hydrolysis on the now penultimate subunit, resulting in Stage B. The second EB 1 head then

binds the new terminal subunit (Reaction 2, resulting in Stage C). The first EB 1 head then









releases from the penultimate subunit (Reaction 3) to restore Stage A, with the net effect of the

cycle of having added one protomer. We also allow for binding of the second EB 1 head in the

wrong direction (Reaction 5) or T-GTP addition when both heads are bound (Reaction 4), either

of which results resulting in Stage D. Note that of the two EB 1 heads remains associated with

terminal T-GTP until hydrolysis of its GTP is induced when a new tubulin protomer adds to the

protofilament end and/or when the second EB 1 head binds the newly added Tb protomer.

Hydrolysis weakens the "older" EBl1-MT bond, thereby releasing that EB 1 head to bind to the

next added Tb protomer in the cycle. Because at least one EB 1 head should be bound at any time

during the end-tracking cycle, the protofilament remains associated with the motile obj ect (i.e.,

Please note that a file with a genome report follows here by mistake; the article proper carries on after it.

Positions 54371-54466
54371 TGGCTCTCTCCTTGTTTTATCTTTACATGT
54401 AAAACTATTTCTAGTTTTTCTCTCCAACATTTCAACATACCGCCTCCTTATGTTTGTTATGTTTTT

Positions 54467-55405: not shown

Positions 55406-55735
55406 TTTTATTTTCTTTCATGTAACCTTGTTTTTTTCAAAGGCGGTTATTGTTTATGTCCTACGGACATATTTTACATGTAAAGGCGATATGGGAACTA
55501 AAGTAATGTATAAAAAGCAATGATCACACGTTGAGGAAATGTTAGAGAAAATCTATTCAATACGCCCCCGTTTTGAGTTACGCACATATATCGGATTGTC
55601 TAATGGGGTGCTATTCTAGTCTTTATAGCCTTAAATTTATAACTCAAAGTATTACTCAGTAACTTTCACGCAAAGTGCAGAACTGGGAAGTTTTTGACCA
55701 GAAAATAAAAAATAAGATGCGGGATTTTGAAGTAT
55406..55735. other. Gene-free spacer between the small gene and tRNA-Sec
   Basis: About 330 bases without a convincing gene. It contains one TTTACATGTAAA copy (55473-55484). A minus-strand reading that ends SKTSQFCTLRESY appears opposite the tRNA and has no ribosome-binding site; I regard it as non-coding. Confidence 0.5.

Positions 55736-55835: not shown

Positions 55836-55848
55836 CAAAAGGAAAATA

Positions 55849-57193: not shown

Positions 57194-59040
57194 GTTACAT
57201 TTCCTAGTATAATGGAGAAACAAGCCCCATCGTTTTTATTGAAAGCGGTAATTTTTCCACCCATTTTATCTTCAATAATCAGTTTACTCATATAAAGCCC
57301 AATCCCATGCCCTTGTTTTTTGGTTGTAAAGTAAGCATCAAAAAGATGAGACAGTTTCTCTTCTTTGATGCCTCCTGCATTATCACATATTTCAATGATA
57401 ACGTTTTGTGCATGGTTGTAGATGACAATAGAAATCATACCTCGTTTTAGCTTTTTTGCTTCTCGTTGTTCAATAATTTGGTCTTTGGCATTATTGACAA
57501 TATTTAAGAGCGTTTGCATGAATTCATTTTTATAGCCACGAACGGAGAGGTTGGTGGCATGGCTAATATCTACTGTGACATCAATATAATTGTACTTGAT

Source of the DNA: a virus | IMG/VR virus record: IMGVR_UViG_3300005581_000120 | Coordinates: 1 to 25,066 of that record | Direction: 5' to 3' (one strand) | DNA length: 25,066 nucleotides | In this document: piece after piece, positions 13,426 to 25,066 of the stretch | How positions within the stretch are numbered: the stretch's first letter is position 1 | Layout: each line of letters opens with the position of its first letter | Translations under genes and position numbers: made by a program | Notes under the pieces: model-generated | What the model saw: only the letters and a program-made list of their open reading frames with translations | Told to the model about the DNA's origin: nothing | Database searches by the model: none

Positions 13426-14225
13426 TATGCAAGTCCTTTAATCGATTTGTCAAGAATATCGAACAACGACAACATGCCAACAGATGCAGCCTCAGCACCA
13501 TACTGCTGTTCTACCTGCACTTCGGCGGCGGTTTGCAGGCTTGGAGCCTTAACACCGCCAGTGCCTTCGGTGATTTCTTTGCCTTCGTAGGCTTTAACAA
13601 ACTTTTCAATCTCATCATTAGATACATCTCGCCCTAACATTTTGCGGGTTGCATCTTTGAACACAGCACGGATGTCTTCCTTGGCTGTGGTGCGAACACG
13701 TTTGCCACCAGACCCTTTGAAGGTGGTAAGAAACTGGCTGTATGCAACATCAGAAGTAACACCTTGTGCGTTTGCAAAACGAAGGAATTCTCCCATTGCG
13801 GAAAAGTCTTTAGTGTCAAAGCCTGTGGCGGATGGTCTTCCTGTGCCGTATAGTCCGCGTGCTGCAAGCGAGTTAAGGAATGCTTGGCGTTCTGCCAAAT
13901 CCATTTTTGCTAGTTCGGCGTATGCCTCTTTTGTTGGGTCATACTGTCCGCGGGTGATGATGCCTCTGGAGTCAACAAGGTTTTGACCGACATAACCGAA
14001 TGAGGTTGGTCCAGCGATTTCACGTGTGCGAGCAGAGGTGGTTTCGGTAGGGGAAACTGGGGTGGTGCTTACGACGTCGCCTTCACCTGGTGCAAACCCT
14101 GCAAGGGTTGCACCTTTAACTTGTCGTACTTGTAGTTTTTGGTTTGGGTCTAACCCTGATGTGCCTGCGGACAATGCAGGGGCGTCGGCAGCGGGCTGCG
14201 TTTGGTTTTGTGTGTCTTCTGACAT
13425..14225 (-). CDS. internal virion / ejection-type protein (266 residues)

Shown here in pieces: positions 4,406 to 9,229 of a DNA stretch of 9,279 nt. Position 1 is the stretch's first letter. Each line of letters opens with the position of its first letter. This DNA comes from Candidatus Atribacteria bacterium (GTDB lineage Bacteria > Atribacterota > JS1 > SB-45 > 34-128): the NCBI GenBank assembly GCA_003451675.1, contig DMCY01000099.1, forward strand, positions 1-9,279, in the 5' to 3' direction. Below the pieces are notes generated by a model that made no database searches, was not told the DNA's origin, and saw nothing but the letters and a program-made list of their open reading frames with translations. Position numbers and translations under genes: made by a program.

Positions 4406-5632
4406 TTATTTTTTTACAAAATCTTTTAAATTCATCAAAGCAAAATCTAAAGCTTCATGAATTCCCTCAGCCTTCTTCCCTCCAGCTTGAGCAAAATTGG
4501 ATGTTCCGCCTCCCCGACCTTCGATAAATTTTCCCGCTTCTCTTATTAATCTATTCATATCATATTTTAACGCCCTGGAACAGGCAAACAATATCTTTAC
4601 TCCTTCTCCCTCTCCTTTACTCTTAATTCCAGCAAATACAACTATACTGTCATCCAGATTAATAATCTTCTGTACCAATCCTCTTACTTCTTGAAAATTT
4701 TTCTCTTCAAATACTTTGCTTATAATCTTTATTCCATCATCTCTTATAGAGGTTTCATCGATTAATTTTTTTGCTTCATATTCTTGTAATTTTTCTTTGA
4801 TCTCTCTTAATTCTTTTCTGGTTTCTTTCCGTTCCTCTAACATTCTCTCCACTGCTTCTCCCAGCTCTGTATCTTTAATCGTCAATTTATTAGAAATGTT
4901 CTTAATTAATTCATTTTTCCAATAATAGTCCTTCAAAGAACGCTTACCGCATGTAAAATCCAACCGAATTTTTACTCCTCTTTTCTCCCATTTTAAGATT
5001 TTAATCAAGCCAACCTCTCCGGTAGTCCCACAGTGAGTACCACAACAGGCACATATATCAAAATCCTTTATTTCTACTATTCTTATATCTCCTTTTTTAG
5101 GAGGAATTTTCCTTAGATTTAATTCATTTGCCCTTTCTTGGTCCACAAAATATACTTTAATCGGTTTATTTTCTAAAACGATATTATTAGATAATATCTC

the motor is processive). (Long-term processivity may not be essential when there is a high

density of EB 1 molecules on the surface near the protofilament; even if both heads are released,

other EB 1 molecules would quickly capture the protofilament end.)

In the absence of hydrolysis-induced affinity modulation, the principle of detailed balance

would fix the relation among the various equilibrium dissociation constants in Reactions 1-3

shown in Figure 2-2, such thatK,K, = [TbjeK,, where K, = k,. /kf, K? = k_ /k and


K, = k "'~ / k, are the equilibrium dissociation constants for Reactions 1, 2, and 3, respectively.

However, affinity modulation is assumed to increase k~~~ thereby increasing K3 by a factor f

such thatK,K, = [Tb]U,K / f The value off reflects the portion of the GTP hydrolysis energy

that can be transduced into work in each end-tracking cycle. Because hydrolysis and protomer

addition are the two sources of energy used for force generation in this mechanism, the

thermodynamic stall force is characterized by

F,,,, = (N -k,T/d)1n([Tbj-KK/K, )=(N-k, T/d)(In(hl[Tbj/Tbj)+In~f)). (2-1)









The first term on the right hand represents the contribution of tubulin addition without GTP

hydrolysis (same as that of a free MT in the Brownian Ratchet model). The second term

corresponds to the benefit of having GTP-hydrolysis-driven affinity modulation. For example,

f = 1000 corresponds to ~7 kBT additional energy captured per cycle, putting Fsran at ~54 pN, a

value that is much higher than the ~7-pN stall force predicted for a Brownian Ratchet driven

solely by the free energy of protomer addition (c.f., Eq. 1-4).

While Eq. 2-1 provides a thermodynamic limit, MT growth by the end-tracking cycle may

kinetically stall at a lower force, whose value can be determined by stochastic simulation. To